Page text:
Green Glass Bottles – New Hampshire
Human Impact, White Mountains – I usually write a few blog articles a year that are focused on the impact we have on the environment, and today is a good day for one. I have always felt that in order to get people to care more for the environment photographers have to show the impact that is happening in the world.
Every day beautiful landscape photos of the New Hampshire White Mountains are posted on all the social networking websites, and this creates a false belief that the White Mountains are in a state of pristine condition. In life, and as an environmental photographer, I'm a realist, and I don’t believe in this fantasy world approach to conservation. Today, I am going to share with you a few unflattering images of the White Mountains.
October 2011 – New Trail Blaze, Mt Tecumseh Trail
Bad Trail Blaze Removal, Trail Work – Since 2011, I have been making regular trips to Waterville Valley in New Hampshire to photograph a yellow birch tree that has fallen victim to vandalism. I am using repeat photography, also known as photo monitoring, to show the impact of improper trail blaze removal. This type of photography is useful for educating land stewards and others about responsible environmental stewardship.
In October of 2011, I documented newly applied trail blazing (above) along the Mt Tecumseh Trail in Waterville Valley. Sometime in the spring of 2012, the blaze on the left side of the yellow birch tree in the above image was improperly removed from the tree. And a large wound (below) where rot, fungus, and insects could enter the tree was visible. The bark, where the blaze was, appeared to have been cut and peeled away from the tree.
October 2011 – New Stonework, Mt Tecumseh Trail
Trail Hillside Erosion, Trail Work – The included images show how a section of the Mt Tecumseh Trail in Waterville Valley, New Hampshire has elapsed over time. The first two images are from October 2011 and the last image is from May 2016. The intent of this visual journal is to record the progression of hillside erosion on the left side of the trail and to document how this section of trail holds up to foot traffic.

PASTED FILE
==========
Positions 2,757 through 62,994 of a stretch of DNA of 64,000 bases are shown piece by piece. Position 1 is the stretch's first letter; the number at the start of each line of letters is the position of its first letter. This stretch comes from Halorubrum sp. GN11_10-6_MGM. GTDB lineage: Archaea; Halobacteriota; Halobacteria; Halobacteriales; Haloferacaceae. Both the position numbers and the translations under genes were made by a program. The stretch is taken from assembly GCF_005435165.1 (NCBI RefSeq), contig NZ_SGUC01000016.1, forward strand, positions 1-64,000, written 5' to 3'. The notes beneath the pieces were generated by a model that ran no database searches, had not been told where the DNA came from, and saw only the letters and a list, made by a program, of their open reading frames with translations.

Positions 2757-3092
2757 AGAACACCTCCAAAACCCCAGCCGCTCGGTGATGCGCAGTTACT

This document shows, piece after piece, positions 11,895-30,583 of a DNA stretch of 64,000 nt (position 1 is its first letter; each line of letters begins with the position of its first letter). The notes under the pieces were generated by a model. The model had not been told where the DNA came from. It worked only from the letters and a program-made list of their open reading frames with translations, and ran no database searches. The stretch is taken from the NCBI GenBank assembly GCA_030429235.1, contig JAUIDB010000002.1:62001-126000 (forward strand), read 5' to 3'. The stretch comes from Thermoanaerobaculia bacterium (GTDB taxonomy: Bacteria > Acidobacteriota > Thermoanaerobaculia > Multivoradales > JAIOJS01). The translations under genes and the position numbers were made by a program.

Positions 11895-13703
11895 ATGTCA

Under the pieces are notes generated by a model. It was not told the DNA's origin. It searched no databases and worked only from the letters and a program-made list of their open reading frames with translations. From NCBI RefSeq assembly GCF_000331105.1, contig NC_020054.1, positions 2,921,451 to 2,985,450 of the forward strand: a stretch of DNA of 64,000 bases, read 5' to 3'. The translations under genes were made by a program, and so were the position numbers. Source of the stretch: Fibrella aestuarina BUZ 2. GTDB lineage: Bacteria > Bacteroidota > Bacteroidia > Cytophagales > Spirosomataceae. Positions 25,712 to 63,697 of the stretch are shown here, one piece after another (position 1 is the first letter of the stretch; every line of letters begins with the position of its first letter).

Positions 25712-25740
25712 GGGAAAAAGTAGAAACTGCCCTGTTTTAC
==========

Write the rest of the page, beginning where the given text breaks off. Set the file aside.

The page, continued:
I am using a technique known as photo monitoring to document this section of trail. Photo monitoring consists of repeat photography of an area over a period of time. Photo monitoring is used in land management to help recognize issues that are not immediately obvious from one or two visits to a location. The ending result is a permanent visual record and journal that showcases the environmental changes of a particular location.
Sawyer River Trail – White Mountains, NH
Leave No Trace, Camping Ethics – The Leave No Trace program is a very effective program that uses simple principles and common sense to promote back-country camping ethics. Creating awareness for camping ethics is an important part of the program. Feel free to share this blog post with your friends.
September 2011 – Improper Trail Blazing, Mt Tecumseh Trail
Repaired Trail Blazing, Mt Tecumseh Trail – Some of the issues along the Mt Tecumseh Trail in Waterville Valley New Hampshire have been addressed and corrected by Forest Service. I commend Forest Service for correcting issues along this trail. And it is satisfying to know they are taking the needed steps to improve the White Mountains trail system.
In 2011, while hiking the Mt Tecumseh Trail, I noted a trail blazing issue, so I reported it to Forest Service. The trail blazing was not per trail maintenance guidelines and ruined the overall beauty of the trail. The Ranger who looked into it and responded, via email, stated a bad can of paint was the cause. Included in this blog article are before & after photos of the trail blazing that was removed.
October 2011 – New completed stonework / hillside stands out
Mt Tecumseh Trail, New Hampshire – Today I hiked the Mt Tecumseh Trail in Waterville Valley to photograph a section of fairly new stonework. In October of 2011 I was asked to photograph this work, and at the time I questioned the quality of work, so I have continued to photograph it. The included photos show that the hillside is collapsing, and the steps are not holding up. This section will need to be maintained indefinitely or properly fixed.